At one gathering, my second oldest sister got a little tipsy and because I wouldn’t buy something from her son’s fundraiser (because we had the same fundraiser each of our girls were selling), she got upset with me and said, “that’s the last time I’ll ever buy anything from your girls”. When I went to explain why we weren’t, she just got mad and I got madder. Basically I left the party and she followed me out of the house, still with a large glass of wine in her hand, screaming that I needed an exorcism. I told her in some really vulgar terms what she could go do with a priest. This was last fall.

    I don’t think the ties are worth keeping…but as long as my daughters aren’t harmed…whatever I go through is a small price to pay. Of course, I know as long as I keep having to deal with this stuff…it never allows me to move on from the past.

  3. Rob says:

    Wanting your kids to have extended family is a good thing. If as you say the good part of that outweights the bad, keep doing it. Maybe is is working as well as it is because their significant others (your kids’ cousins parents besides your siblings) counterbalance their personality problems and this helps protect their kids?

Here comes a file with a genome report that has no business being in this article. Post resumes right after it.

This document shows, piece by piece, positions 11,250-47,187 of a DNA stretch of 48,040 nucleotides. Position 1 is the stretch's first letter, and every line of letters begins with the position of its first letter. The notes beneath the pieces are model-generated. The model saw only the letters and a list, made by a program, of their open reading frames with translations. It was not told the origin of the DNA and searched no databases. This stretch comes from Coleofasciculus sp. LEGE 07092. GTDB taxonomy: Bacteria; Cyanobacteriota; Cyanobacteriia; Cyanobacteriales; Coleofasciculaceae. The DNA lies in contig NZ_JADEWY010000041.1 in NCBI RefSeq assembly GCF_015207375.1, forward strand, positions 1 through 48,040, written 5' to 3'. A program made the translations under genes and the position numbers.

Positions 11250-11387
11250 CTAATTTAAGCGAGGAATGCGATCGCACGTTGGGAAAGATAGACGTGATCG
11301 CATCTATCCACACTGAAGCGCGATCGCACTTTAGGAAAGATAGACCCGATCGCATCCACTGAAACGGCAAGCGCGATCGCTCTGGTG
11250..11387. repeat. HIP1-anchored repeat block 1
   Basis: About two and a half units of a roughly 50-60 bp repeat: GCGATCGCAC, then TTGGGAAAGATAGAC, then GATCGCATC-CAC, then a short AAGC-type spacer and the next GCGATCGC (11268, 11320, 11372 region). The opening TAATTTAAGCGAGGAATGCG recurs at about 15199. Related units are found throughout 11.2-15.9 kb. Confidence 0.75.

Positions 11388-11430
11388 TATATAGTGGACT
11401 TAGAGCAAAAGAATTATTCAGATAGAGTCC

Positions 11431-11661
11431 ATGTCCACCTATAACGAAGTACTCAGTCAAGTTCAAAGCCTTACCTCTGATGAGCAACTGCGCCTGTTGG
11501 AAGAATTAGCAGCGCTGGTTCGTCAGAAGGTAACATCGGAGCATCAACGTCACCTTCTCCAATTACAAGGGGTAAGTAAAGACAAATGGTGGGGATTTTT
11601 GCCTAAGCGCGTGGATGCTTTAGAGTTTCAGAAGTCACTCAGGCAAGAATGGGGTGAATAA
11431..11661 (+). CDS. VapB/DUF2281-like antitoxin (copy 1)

But I understand it must be really hard on you. Having to interact with people who have been and continue to be abusive towards you is very draining. In your case, you do have the option to shut them out to protect yourself. I don’t have that option without also giving up on my kids which is not fair to them.

    I have found that often the best response to people acting like you describe is to ignore them and stay away from them. They often have the ability to spin it around to make it look like you are the one with the problem, especially if you show the least bit of criticism or anger back their direction, no matter how justified it is. But at the same time, not being able to be critical means you are going to be being unable to enforce boundaries unless you simply stay away from them and stop communicating with them entirely.